For a late lunch or early dinner drive over to the Harpoon Brewery and Restaurant, where UFO beer, a favorite of mine, is made (try the UFO White).  The food is upscale pub fare, but always good, and in a warm, yet hip environment.  Harpoon has proven to be quite the recruiter of tourism for Windsor, holding several sizable events throughout the year – bike races and bar-b-que cook offs to name a couple.  Next door, you can do a bit of shopping at the Simon Pierce glass factory.  Behind the brewery is a strange, enduring piece of folk art that you have to experience to truly appreciate.  It’s called the Path of Life Sculpture Garden.  A local man has spent the last 15 years working on this, and has created 18 works of art that essentially represent all of the phases and major events of  person’s life from birth to death.  The power of this garden is that the emotional impact is one that “sneaks up on you.”  By the end, I found it to be very moving.

Perhaps you are looking for something a bit more rugged in town?  Take a walk through Paradise Park.  It’s a wilderness park just on the edge of town that offers several lovely wooded trails to meander along.

Day 3

Hop in the car and head out to Farmway in the nearby town of Bradford.  This store is deceiving, to be honest.  From the outside, it’s a simple farm supply store, but once you are inside the vast array of merchandise offered is clear.  Yes, farm supplies are there, but so are Patagonia and North Face clothing, shoes and boots, work clothes, furniture, and even food and kitchen products!  Just when you think you have seen everything, around corner is another branch of this sprawling store, full of deals waiting on you.

If you haven’t gotten your entire shopping fix worked out, head over to the Antique Mall in Quechee, and rummage through stall after stall of yesteryear.  Next door is the Quechee Gorge, a deep, yet beautiful slice in the landscape, complete with a bridge to walk over for those who aren’t afraid of heights.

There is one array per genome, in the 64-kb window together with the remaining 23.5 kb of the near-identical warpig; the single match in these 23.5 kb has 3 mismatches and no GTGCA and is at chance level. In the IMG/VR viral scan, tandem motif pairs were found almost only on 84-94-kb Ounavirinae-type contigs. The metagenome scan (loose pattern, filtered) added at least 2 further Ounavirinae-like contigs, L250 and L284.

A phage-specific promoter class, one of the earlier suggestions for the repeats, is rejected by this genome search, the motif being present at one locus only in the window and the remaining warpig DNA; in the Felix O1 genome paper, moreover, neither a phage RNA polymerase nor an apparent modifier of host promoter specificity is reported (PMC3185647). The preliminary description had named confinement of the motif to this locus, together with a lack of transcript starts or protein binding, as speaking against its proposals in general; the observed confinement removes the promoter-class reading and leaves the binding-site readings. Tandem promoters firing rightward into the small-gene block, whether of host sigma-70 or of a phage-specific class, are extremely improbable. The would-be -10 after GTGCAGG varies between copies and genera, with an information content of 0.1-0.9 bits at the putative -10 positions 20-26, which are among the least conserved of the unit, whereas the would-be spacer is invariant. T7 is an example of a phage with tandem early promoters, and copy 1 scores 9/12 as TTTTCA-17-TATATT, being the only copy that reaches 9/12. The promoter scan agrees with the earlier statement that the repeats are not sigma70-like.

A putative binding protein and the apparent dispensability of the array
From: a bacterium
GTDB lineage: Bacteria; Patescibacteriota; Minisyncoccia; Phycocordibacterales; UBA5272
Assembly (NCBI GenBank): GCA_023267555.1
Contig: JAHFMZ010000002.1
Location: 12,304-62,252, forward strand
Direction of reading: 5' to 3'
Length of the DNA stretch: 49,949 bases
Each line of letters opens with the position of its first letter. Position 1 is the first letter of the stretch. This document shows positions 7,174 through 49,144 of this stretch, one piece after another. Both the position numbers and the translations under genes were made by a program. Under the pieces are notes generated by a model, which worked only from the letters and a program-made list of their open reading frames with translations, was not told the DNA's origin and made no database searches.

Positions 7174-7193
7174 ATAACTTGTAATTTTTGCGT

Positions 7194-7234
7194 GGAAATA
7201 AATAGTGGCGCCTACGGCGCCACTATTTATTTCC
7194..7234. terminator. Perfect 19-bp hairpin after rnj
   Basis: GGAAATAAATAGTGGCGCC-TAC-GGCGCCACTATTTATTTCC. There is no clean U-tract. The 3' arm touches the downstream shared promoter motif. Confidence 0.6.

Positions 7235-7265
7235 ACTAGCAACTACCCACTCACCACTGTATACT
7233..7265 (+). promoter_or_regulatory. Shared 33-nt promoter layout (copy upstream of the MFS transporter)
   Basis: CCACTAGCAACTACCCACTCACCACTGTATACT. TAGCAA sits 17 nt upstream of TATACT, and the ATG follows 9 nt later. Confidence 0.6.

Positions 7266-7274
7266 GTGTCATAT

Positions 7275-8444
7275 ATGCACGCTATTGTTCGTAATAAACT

From here, make your way to the King Arthur Bakery Company to select from the huge number of baking mixes and other products they have for sale, and the delicious assortment of baked yumminess available.  Then drive down to Hanover, New Hampshire and walk around the quaint town and Dartmouth University’s campus.  When you think about college academics in the fall, surrounded by trees and students rushing to class, it really doesn’t get any more picture perfect.   If you are there on a Saturday, you might be able to also squeeze in a trip to the nearby Norwich Farmers’ Market to sample the local cheeses, fruits and vegetables, and even some homemade syrup!  You can’t say you’ve been to Vermont without a healthy dose of syrup running through your veins.

            If you need to get a quick gift for someone, I’d suggest making a run to local store and picking up some of the maple syrup candy or cookies that are sold in the area.  The idea of these may sound strange but, by God, they are delicious!

Day 4

Every adventure must come to an end, and today is the day to head home.  It’s difficult to gauge what the traffic will be like going into Boston or New York, so allow yourself plenty of time to make the journey back and to the airport.

Vermont is such a special place, with a beauty and character that has to be seen (and tasted) to be believed.

Windsor, Vermont – http://www.windsorvt.org/

Dartmouth Coach – http://www.dartmouthcoach.com/

Harpoon Brewery – http://www.harpoonbrewery.com/index.cfm/pid/28493

Path of Life Sculpture Garden – http://64pathlif.simplweb.com/

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One Comment on “Four Days In……Vermont”

  1. stewstryker
    September 25, 2012 at 4:06 pm #

    That’s “The Windsor Diner”, not “Dinner”, as you head south on Main Street past the bronze status of the soldier, it’s on the left, just past the auto parts store. For more worldly tastes, there’s Miriam’s, just opposite that status, which serves great African cuisine. That’s next to Yummy Yummy’s chinese restaurant. Pizza Chef is almost opposite the Diner and has great pizza and other Italian dishes.

    Higher-end meals are available to Juniper Hill Inn, though it’s best to call ahead first.